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Morphological diversity is often caused by altered gene expression of key developmental regulators. However, the precise developmental trajectories through which morphologies evolved remain poorly understood. It is also unclear to what degree genetic changes contributing to morphological divergence were fixed by natural selection. Here we investigate these problems in the context of evolutionary developmental transitions that produced the simple unlobed leaf of the model species Arabidopsis thaliana. We demonstrate that A. thaliana leaf shape likely derived from a more complex lobed ancestral state that persists in extant Arabidopsis species. We also show that evolution of the unlobed leaf form in A. thaliana involved loss of expression of the knotted1-like homeobox gene SHOOTMERISTEMLESS (STM) in leaves and that cis-regulatory divergence contributed to this process. Further, we provide evidence for a selective sweep at the A. thaliana STM locus, indicating that loss of STM expression in A. thaliana leaves may have been fixed by positive selection. In summary, our data provide key information as to when and how the characteristic leaf form of A. thaliana evolved.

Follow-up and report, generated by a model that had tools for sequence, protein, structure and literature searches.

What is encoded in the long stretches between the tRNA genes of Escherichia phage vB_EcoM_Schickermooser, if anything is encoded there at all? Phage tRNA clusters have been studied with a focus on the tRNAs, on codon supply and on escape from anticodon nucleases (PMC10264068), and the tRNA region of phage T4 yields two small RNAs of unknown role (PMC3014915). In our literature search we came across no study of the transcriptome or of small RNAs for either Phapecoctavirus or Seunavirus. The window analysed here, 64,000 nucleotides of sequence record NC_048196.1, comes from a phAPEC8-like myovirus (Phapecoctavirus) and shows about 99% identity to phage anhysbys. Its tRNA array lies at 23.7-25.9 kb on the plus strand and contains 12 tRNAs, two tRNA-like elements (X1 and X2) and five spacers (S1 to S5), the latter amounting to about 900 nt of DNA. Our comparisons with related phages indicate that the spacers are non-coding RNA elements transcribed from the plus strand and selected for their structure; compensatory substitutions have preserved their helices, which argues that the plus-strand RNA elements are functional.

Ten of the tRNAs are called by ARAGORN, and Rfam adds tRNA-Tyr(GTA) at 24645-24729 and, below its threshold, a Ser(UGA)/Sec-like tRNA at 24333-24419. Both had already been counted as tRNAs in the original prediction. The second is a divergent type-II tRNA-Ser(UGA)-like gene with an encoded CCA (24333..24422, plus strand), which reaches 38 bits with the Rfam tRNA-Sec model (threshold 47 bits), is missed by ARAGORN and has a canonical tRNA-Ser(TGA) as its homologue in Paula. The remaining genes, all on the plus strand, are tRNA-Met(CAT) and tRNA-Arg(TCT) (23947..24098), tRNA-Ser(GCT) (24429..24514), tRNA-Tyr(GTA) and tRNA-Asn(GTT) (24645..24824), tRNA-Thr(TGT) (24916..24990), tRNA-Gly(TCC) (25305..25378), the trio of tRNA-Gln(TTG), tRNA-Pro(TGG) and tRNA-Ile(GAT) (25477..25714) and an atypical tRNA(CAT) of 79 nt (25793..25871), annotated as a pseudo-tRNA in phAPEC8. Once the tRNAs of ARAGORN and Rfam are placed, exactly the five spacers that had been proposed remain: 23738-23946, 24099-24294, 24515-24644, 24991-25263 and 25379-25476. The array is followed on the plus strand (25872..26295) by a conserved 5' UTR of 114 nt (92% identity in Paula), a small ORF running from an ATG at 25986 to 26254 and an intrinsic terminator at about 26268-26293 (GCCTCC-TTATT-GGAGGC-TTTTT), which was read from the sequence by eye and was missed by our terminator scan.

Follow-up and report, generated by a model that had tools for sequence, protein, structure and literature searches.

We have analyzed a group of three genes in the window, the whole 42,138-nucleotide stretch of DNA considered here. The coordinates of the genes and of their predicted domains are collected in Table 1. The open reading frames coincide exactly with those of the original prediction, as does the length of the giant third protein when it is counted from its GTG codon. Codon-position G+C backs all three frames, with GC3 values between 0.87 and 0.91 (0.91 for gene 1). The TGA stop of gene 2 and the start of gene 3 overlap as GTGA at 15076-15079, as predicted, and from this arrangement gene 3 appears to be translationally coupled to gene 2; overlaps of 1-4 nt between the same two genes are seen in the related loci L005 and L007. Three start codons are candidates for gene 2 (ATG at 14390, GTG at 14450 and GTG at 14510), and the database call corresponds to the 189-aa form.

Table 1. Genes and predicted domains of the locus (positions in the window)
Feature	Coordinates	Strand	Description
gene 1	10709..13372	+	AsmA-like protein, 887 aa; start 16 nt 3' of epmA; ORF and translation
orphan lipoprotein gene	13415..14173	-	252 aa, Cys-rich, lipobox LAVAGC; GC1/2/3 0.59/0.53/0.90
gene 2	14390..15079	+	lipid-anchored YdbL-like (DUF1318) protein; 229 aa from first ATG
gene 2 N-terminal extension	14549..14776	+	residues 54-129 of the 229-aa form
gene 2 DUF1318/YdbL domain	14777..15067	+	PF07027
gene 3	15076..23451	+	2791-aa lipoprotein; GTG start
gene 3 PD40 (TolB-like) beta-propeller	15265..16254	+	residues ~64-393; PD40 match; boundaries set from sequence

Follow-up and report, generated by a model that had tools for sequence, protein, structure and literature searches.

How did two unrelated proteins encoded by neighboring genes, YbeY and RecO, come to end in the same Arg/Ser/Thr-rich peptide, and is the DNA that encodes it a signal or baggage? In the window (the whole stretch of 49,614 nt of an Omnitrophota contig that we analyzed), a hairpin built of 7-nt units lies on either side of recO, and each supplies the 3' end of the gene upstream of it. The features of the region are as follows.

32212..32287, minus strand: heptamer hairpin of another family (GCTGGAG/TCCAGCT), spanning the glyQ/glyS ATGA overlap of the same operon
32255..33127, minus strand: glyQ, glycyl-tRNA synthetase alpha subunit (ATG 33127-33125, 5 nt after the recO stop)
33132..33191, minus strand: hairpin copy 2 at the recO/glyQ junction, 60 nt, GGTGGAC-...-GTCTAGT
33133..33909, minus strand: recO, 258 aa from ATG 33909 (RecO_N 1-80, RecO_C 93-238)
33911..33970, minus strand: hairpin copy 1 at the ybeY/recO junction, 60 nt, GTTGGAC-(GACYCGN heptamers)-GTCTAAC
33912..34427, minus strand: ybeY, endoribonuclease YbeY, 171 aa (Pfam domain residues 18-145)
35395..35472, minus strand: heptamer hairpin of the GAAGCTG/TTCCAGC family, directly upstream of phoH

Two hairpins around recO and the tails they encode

Original publication

DOI

10.1016/j.cub.2010.11.037

Type

Journal article

Journal

Curr Biol

Publication Date

21/12/2010

Volume

20

Pages

2223 - 2228

Keywords

Arabidopsis, Arabidopsis Proteins, Biological Evolution, Gene Expression Regulation, Plant, Homeodomain Proteins, Molecular Sequence Data, Phenotype, Phylogeny, Plant Leaves, Selection, Genetic